Access to primary care remains a challenge for 62 million Americans
A new study shows the primary care physician shortage leaves millions with inadequate access to care
By Allison Ritchie for Medical Economics
Under the Affordable Care Act, millions of Americans have obtained health insurance, but new research shows that those newly insured won’t be guaranteed access to primary care physicians.
The National Association of Community Health Centers (NACHC) has released a report that shows 62 million American have no or inadequate access to primary care due to the shortage of physicians.
“Access is more than just having an insurance card. It is more than getting care in an emergency room. Access is having a regular, reliable source of quality preventive and primary health care. Unfortunately, too many uninsured – and even insured – Americans have inadequate access to primary care,” the NACHC report says.
Of that 62 million, 43% are low-income individuals and 28% live in rural areas. The majority have health insurance, but 21% are uninsured.
“Extensive evidence documents that access to primary care results in better health outcomes, reduced health disparities, and lower health care expenditures,” the report says. “Yet primary care remains off limits to many, including some with chronic illness.”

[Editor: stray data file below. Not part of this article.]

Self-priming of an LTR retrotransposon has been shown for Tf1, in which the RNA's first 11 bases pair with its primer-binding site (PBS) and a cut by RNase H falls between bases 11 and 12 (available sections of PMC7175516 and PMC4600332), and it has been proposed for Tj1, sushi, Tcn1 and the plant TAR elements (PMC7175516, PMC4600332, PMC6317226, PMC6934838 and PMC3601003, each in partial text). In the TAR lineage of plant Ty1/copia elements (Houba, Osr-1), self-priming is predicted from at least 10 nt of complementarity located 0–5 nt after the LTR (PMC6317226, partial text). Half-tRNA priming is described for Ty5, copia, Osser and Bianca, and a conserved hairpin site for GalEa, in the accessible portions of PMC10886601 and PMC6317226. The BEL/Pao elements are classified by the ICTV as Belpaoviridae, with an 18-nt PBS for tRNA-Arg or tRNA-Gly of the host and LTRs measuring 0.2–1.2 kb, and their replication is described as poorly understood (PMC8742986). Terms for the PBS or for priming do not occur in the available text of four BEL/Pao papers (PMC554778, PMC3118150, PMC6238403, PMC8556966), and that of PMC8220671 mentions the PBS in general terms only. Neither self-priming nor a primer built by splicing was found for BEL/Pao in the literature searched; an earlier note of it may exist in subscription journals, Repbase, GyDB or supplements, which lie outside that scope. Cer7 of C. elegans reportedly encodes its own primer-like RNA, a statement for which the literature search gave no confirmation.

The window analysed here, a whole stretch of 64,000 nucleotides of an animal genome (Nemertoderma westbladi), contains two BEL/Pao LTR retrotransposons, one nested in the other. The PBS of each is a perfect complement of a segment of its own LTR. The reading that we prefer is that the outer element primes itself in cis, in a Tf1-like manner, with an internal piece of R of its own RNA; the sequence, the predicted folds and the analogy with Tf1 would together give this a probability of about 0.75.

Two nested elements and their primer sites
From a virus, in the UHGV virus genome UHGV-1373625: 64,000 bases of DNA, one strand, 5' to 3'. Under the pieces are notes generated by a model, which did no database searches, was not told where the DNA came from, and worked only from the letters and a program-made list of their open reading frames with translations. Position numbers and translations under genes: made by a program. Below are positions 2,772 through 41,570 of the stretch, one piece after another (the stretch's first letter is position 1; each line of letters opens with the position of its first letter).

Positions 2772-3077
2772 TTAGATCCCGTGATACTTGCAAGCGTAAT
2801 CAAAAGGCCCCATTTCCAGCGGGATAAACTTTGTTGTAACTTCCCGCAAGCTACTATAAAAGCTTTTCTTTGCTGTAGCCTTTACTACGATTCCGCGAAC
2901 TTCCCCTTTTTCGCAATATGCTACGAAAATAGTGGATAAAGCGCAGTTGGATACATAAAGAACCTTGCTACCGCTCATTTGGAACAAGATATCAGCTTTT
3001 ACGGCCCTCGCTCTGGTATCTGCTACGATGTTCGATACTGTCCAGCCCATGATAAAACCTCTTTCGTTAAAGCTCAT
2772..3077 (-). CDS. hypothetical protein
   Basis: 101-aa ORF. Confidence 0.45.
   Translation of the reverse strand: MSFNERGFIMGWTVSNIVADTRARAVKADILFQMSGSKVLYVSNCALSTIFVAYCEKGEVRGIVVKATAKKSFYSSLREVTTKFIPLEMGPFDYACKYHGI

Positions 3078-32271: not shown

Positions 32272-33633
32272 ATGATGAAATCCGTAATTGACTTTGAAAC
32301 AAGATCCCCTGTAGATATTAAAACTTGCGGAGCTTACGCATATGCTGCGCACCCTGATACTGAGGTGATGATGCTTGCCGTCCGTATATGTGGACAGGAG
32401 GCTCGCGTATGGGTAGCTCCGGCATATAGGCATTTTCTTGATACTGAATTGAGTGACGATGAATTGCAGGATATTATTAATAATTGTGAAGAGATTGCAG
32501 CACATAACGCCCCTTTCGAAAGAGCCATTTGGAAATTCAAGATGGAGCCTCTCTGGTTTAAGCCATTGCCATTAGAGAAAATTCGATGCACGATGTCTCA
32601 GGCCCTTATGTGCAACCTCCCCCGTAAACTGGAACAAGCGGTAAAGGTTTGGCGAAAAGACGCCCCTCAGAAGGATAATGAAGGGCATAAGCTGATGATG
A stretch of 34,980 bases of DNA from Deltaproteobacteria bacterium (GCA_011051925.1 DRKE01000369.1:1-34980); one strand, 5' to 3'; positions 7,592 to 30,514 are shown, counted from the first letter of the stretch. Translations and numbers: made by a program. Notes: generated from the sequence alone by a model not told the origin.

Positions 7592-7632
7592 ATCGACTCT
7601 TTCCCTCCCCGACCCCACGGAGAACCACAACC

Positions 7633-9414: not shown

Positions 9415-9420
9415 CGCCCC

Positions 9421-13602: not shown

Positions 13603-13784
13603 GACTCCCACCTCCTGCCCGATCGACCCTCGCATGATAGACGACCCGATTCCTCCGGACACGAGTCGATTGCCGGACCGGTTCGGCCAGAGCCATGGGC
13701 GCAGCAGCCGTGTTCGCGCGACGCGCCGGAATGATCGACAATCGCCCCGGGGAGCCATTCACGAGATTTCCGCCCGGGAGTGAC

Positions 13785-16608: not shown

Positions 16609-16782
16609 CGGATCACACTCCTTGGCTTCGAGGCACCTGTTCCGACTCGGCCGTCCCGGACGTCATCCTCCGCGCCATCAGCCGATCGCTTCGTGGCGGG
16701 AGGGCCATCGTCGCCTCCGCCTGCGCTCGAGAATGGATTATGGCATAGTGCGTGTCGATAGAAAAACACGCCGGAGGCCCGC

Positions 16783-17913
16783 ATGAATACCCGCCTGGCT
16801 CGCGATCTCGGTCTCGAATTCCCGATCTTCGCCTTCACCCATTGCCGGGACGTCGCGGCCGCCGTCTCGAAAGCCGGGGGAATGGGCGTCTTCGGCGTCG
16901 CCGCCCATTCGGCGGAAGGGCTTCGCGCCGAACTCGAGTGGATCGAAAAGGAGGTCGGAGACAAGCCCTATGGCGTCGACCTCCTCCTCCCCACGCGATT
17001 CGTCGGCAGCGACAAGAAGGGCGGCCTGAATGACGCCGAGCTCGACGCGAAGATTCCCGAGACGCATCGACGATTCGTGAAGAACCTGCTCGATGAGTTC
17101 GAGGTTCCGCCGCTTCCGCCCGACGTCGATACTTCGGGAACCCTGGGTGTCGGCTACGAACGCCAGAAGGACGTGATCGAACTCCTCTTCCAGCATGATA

A recent report from the American Academy of Family Physicians shows that the primary care workforce needs to increase from 209,000 to about 261,000 in order to meet the growing demand. By 2025, the annual number of new family physicians would need to increase from 3,500 to 4,475.
The NACHC says community health centers are one solution to expand access. Its research shows that without these centers, 21 million more people would have limited access to primary care. It estimates that these centers save the entire health system $24 billion a year by providing care at a lower cost, and it predicts a growing need for more centers in the future.
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